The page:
We’re in the thick of Holiday Season, and for many of us that means less joy and jollity and more stress and sadness. If you find yourself or someone you love struggling with holiday-related depression, it’s important to remember that you aren’t alone and that there are tools available to help. The excerpt below is from an article in Forbes. If it’s resonating with you, and if you live in the greater Cleveland area, we hope you’ll reach out.
This time of year can be stressful for anyone. Among the crowded stores, long shopping lists, cooking, cleaning, traveling and entertaining, it’s easy to see how we can all feel exhausted. In fact, it’s important that we proactively set realistic expectations for our ability to cope during this busy time because, in all likelihood, we’ll find ourselves overwhelmed at some point.
It’s important to distinguish, however, the difference between a normal amount of holiday stress and actual depression. Sadly, too many people report an increase in sadness during these festive months. As the world celebrates around them, it must be particularly alienating and lonely to be descending into darkness. If you find yourself feeling depressed, please don’t ignore it.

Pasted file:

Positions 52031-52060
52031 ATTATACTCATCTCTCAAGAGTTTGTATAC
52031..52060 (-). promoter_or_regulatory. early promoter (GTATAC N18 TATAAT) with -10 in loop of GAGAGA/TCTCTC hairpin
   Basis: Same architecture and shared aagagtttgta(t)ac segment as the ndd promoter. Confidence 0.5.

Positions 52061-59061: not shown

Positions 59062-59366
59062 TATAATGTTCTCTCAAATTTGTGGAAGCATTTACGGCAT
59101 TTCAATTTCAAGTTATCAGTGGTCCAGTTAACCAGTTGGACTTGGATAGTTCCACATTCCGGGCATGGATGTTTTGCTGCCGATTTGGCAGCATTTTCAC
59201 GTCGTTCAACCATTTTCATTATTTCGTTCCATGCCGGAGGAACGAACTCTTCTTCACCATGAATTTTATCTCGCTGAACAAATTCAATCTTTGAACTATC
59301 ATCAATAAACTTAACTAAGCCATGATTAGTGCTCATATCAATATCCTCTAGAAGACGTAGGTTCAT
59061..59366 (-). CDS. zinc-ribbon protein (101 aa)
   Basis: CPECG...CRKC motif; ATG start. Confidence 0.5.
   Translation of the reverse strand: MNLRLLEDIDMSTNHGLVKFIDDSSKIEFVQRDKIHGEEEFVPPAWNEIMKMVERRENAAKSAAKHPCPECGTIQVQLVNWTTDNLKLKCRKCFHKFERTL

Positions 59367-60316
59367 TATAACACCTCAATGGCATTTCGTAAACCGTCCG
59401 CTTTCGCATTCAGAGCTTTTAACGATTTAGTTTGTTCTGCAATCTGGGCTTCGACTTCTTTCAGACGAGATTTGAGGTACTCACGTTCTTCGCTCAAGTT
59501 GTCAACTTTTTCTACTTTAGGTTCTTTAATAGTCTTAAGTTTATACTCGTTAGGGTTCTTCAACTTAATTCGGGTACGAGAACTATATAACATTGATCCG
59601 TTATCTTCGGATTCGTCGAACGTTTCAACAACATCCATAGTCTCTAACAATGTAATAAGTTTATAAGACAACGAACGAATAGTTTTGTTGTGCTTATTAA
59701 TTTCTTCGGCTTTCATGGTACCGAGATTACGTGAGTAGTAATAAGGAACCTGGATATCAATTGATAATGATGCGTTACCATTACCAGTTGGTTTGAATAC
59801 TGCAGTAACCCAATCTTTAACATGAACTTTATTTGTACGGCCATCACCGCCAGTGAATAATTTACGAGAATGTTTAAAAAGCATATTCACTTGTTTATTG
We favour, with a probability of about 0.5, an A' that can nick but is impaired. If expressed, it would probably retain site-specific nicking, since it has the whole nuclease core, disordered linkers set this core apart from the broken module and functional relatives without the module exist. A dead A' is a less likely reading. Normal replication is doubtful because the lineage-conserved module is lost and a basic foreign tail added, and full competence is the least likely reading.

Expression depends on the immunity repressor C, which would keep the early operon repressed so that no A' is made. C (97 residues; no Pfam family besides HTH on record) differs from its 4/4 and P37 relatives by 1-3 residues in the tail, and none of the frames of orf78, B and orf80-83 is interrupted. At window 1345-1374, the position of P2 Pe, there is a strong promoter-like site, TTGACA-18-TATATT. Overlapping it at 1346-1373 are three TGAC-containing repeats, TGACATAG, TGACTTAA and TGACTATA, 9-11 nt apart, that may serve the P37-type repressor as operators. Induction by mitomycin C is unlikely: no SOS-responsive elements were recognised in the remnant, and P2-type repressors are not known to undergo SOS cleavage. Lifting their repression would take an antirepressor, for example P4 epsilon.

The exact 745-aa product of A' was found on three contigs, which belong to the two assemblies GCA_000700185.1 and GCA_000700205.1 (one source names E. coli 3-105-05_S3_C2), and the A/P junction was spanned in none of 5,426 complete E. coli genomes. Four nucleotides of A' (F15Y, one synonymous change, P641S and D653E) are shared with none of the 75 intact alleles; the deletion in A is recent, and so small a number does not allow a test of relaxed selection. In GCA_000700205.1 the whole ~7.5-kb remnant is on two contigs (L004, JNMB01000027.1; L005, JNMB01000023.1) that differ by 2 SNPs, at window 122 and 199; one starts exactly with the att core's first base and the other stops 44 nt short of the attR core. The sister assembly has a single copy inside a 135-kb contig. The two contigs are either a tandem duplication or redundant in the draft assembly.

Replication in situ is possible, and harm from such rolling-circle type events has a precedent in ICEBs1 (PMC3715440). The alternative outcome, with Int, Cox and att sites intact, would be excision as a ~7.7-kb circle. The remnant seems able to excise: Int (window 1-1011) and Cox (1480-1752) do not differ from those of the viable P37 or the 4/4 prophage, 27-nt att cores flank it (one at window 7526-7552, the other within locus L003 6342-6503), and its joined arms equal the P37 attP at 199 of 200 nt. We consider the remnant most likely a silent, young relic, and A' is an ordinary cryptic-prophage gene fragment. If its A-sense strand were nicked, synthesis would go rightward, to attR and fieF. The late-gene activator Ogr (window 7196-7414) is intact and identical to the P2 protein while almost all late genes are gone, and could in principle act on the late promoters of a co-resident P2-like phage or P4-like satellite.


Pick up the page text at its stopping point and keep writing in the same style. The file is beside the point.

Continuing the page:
Open Up About Your Struggles
While it’s important for the people around you to be vigilant, they may miss the signs amid the chaos the holidays can bring. Do not take this as an indication that they don’t care and never let yourself believe that you are a burden. Anyone who has dealt with depression knows that feeling this way is common and sometimes prevents us from reaching out for help.
Instead, whether you send a text, email or have a face-to-face conversation, let your loved ones know what you’re going through. Give them the opportunity to give you the support that you need and deserve. Taking this first step can be scary but it’s really important.